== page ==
• Unreinforced concrete is a composite material containing aggregates (sand, gravel, crushed shell, or rock) held together by a cement combined with water to form a paste, and gets its name from the fact that it does not have any iron or steel reinforcing bars. It was the earliest form of concrete. The ingredients become a plastic mass that hardens as the concrete hydrates, or "cures." Unreinforced concrete, however, is relatively weak, and since the turn of the century has largely been replaced by reinforced concrete. Reinforced concrete is concrete strengthened by the inclusion of metal bars which increase the tensile strength of concrete. Both unreinforced and reinforced concrete can be either cast in place or precast.
  • Cast-in-place concrete is poured onsite into a previously erected formwork that is removed after the concrete has set. Precast concrete is molded offsite into building components. More recent developments in concrete technology include post-tensioned concrete and prestressed concrete, which feature greater strength and reduced cracking in reinforced structural elements.

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Causes of Concrete Deterioration

Deterioration in concrete can be caused by environmental factors, inferior materials, poor workmanship, inherent structural design defects, and inadequate maintenance.

Environmental factors are a principal source of concrete deterioration. Concrete absorbs moisture readily, and this is particularly troublesome in regions of recurrent freeze-thaw cycles. Freezing water produces expansive pressure in the cement paste or in nondurable aggregates. Carbon dioxide, another atmospheric component, can cause the concrete to deteriorate by reacting with the cement paste at the surface.

Materials and workmanship in the construction of early concrete buildings are potential sources of problems. For example, aggregates used in early concrete, such as cinders from burned coal and certain crushed brick, absorb water and produce a weak and porous concrete. Alkali-aggregate reactions within the concrete can result in cracking and white surface staining. Aggregates were not always properly graded by size to ensure an even distribution of elements from small to large. The use of aggregates with similarly sized particles normally produced a poorly consolidated and therefore weaker concrete.

Early builders sometimes inadvertently compromised concrete by using seawater or beach sand in the mix or by using calcium chloride or a similar salt as an additive to make the concrete more "fireproof." A common practice, until recently, was to add salt to strengthen concrete or to lower the freezing point during cold-weather construction. These practices cause problems over the long term.

In addition, early concrete was not vibrated when poured into forms as it is today. More often it was tamped or rodded to consolidate it, and on floor slabs it was often rolled with increasingly heavier rollers filled with water. These practices tended to leave voids (areas of no concrete) at congested areas, such as at reinforcing bars at column heads and other critical structural locations. Areas of connecting voids seen when concrete forms are removed are known as "honeycombs" and can reduce the protective cover over the reinforcing bars.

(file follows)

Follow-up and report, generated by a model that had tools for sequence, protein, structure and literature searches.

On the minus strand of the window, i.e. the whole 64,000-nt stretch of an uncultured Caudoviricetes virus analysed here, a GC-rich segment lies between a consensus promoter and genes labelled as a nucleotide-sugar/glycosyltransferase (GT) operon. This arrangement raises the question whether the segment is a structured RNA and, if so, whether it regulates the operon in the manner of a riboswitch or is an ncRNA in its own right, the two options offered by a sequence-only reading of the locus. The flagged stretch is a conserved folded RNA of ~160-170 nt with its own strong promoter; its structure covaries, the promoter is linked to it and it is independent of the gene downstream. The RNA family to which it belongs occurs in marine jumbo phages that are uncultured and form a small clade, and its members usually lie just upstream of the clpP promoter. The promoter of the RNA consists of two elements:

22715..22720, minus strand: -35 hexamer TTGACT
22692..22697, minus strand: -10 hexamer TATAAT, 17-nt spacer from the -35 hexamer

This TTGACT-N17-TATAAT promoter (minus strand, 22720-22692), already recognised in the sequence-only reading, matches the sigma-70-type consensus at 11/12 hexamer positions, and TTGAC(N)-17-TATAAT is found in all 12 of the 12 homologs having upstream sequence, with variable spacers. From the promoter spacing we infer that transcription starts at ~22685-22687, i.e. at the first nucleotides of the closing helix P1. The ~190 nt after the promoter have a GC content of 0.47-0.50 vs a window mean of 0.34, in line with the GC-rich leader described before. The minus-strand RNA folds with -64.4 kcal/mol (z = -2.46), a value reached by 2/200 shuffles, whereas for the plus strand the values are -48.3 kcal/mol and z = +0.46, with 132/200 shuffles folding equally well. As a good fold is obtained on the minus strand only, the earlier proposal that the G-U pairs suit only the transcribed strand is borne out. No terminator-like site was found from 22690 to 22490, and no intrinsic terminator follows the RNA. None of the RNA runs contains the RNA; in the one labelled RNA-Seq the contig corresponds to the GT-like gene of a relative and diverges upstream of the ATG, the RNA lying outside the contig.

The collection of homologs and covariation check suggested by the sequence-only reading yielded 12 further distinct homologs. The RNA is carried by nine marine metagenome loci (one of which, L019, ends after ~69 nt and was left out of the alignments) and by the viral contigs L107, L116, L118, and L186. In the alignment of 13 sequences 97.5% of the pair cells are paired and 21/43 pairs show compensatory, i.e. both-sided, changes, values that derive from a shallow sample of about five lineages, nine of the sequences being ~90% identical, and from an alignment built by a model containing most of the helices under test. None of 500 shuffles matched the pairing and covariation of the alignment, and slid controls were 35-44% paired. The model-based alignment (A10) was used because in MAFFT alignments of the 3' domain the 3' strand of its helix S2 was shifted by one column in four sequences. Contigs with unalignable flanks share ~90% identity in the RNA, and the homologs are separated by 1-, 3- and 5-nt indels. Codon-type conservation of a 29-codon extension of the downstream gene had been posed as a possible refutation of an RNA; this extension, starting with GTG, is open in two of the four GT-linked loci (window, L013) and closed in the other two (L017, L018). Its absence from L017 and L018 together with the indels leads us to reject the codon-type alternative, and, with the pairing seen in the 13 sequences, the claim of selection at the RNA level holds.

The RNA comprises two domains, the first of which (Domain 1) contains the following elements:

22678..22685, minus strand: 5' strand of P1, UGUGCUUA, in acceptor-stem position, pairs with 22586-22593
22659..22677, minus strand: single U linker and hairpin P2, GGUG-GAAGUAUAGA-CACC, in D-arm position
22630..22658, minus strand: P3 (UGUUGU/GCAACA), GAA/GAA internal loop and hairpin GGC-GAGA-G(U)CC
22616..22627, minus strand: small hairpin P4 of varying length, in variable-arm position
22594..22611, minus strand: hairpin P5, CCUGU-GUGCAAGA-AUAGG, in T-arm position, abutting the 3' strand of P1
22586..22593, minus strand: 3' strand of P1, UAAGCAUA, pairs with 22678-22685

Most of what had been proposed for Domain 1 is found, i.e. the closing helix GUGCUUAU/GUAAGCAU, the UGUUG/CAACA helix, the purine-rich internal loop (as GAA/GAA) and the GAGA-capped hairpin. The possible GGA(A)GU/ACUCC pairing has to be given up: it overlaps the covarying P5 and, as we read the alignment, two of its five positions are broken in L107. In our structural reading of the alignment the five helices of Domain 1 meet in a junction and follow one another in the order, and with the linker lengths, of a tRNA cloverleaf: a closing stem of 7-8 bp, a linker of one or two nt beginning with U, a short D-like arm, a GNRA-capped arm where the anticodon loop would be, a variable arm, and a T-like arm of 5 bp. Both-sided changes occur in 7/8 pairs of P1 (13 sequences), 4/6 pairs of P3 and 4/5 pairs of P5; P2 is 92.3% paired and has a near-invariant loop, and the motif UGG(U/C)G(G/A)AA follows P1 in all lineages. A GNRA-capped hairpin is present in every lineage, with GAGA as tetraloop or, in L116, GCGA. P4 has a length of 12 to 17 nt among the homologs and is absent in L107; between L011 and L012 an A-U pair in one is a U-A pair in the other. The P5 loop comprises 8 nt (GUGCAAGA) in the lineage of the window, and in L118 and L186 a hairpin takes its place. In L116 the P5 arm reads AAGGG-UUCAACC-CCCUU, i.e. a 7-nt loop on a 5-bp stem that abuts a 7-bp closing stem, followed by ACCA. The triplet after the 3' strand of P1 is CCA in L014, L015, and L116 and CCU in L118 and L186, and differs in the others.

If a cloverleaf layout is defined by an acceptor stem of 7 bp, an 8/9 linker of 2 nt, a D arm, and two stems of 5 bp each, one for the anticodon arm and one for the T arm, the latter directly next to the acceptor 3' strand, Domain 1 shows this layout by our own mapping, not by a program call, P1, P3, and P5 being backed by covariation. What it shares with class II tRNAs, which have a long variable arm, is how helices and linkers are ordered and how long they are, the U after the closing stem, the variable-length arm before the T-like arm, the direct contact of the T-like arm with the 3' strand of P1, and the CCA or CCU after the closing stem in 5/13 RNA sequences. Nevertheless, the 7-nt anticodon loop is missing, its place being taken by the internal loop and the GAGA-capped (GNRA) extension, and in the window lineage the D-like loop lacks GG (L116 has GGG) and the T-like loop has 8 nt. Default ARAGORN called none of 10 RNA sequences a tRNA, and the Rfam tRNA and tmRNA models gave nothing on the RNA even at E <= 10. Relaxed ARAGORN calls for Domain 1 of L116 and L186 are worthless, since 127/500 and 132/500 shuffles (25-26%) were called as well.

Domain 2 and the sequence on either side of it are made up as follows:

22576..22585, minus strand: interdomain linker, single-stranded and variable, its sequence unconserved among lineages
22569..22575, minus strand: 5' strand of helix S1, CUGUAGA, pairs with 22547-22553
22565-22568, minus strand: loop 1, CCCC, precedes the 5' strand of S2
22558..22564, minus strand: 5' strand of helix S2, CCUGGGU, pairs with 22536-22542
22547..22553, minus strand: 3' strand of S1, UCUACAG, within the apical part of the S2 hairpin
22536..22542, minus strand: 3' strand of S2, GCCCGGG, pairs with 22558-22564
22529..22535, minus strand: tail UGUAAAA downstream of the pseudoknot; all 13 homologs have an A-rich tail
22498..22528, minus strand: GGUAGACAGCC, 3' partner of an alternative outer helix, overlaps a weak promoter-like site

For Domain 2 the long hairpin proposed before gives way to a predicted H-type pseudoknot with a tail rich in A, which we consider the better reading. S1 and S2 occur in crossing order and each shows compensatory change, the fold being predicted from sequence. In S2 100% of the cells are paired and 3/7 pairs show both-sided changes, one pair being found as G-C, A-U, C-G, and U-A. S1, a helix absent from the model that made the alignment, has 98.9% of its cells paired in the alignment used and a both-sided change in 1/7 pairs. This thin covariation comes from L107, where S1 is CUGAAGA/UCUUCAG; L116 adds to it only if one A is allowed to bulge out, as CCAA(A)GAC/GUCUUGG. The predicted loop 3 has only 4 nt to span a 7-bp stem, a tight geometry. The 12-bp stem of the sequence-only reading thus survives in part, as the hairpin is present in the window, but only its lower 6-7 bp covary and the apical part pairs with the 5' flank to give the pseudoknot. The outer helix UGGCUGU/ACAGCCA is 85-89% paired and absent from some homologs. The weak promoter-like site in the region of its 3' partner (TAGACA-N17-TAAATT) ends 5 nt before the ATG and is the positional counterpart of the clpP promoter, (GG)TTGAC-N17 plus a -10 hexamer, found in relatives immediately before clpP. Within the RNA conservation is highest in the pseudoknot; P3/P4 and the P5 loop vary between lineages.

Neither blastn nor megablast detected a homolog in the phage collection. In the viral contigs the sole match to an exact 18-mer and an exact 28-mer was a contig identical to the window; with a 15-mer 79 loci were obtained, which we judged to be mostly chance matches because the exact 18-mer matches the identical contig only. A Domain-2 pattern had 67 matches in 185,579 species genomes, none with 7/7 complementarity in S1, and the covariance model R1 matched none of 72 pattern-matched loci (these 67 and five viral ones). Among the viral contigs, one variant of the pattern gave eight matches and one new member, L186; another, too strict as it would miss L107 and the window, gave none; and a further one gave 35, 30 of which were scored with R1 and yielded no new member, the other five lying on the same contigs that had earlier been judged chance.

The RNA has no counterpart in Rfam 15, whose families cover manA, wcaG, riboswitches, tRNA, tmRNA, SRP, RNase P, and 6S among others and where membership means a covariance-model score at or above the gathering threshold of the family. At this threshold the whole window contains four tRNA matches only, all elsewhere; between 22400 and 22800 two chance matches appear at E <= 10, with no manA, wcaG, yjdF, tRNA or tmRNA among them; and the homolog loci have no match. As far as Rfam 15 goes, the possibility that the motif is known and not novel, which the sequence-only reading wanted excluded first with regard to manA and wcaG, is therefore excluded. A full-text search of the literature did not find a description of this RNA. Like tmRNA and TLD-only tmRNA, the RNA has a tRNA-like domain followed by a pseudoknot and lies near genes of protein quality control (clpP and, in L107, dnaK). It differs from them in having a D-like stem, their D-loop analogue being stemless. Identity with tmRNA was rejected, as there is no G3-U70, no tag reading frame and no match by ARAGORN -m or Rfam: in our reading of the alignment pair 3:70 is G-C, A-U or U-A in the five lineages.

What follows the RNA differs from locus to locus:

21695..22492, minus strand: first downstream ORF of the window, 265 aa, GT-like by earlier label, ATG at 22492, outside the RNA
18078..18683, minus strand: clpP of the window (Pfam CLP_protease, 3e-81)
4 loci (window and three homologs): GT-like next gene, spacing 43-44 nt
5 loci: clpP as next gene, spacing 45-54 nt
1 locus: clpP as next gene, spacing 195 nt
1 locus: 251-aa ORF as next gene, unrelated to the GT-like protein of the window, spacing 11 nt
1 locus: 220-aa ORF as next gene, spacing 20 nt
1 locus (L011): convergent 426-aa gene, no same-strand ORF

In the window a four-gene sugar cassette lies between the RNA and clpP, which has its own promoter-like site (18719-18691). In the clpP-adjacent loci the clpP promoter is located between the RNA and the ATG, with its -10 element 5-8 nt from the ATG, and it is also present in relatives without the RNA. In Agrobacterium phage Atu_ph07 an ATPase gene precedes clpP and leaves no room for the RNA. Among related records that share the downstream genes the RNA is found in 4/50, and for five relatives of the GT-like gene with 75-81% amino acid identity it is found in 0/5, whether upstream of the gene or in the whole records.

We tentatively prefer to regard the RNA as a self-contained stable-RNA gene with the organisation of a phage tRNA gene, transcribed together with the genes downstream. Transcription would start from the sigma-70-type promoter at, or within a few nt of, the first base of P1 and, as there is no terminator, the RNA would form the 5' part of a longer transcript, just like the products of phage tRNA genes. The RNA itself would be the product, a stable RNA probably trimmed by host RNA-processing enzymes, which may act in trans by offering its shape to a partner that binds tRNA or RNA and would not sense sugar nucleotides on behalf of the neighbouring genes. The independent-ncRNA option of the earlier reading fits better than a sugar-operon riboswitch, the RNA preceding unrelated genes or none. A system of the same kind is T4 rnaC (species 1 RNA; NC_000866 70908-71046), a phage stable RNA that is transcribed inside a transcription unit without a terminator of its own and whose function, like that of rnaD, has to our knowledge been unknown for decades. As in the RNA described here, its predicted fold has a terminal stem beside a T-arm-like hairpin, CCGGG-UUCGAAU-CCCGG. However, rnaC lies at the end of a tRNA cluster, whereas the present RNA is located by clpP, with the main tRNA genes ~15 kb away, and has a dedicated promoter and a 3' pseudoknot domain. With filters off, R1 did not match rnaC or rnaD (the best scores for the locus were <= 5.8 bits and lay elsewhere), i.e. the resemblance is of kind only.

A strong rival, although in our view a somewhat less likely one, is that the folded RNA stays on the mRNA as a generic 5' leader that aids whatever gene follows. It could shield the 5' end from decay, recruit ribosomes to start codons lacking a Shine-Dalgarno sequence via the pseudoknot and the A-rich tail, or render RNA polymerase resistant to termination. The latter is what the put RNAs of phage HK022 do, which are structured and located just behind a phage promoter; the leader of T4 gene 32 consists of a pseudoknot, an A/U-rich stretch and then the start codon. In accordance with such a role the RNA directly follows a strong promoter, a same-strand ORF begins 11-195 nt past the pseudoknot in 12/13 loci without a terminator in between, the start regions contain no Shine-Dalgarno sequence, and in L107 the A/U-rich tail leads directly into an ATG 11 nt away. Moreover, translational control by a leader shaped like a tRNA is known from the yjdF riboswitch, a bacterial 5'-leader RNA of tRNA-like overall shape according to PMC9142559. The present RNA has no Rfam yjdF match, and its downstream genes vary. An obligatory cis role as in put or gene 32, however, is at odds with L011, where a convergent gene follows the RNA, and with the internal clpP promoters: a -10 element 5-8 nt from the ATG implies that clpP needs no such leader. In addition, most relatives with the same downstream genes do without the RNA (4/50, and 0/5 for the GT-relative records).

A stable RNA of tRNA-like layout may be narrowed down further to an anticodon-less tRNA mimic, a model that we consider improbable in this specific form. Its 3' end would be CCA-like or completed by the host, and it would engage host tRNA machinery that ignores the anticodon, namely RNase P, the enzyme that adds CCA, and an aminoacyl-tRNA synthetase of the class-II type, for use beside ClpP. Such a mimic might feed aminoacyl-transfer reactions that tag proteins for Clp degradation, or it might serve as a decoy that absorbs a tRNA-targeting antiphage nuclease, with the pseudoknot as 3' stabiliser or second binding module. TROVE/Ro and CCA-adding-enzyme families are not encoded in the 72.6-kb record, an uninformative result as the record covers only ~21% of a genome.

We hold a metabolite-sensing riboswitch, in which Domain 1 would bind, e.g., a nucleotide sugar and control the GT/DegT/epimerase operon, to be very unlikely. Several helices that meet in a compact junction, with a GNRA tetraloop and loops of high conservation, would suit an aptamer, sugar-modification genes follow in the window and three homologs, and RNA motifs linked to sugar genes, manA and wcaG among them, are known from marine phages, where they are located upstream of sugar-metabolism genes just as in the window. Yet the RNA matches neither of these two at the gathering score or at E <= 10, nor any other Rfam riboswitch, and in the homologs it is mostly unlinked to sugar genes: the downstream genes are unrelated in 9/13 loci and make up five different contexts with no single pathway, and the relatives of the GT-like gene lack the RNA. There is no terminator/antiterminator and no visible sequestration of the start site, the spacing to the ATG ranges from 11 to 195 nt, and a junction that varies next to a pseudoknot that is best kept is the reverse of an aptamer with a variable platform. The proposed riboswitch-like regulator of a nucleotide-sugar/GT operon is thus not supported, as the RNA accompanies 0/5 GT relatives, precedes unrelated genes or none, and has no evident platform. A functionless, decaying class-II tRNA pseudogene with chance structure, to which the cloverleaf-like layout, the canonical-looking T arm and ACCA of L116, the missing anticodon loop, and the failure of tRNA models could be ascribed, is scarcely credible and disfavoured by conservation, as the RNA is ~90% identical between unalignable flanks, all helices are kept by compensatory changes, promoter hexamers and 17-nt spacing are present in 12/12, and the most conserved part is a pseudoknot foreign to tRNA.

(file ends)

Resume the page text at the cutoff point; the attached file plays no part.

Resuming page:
Other problems caused by poor workmanship are not unknown today. If the first layer of concrete is allowed to harden before the next one is poured next to or on top of it, joints can form at the interface of the layers. In some cases, these "cold joints" visibly detract from the architecture, but are otherwise harmless. In other cases, "cold joints" can permit water to infiltrate, and subsequent freeze-thaw action can cause the joints to move. Dirt packed in the joints allows weeds to grow, further opening paths for water to enter. Inadequate curing can also lead to problems. If moisture leaves newly poured concrete too rapidly because of low humidity, excessive exposure to sun or wind, or use of too porous a substrate, the concrete will develop shrinkage cracks and will not reach its full potential strength.

Structural Design Defects in historic concrete structures can be an important cause of deterioration. For example, the amount of protective concrete cover around reinforcing bars was often insufficient. Another design problem in early concrete buildings is related to the absence of standards for expansion-contraction joints to prevent stresses caused by thermal movements, which may result in cracking.

Improper Maintenance of historic buildings can cause long-term deterioration of concrete. Water is a principal source of damage to historic concrete (as to almost every other material) and prolonged exposure to it can cause serious problems. Unrepaired roof and plumbing leaks, leaks through exterior cladding, and unchecked absorption of water from damp earth are potential sources of building problems. Deferred repair of cracks allowing water penetration and freeze-thaw attacks can even cause a structure to collapse. In some cases the application of waterproof surface coatings can aggravate moisture-related problems by trapping water vapor within the underlying material.

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Major Signs of Concrete Deterioration

Cracking occurs over time in virtually all concrete. Cracks vary in depth, width, direction, pattern, location, and cause. Cracks can be either active or dormant (inactive). Active cracks widen, deepen, or migrate through the concrete. Dormant cracks remain unchanged. Some dormant cracks, such as those caused by shrinkage during the curing process, pose no danger, but if left unrepaired, they can provide convenient channels for moisture penetration, which normally causes further damage.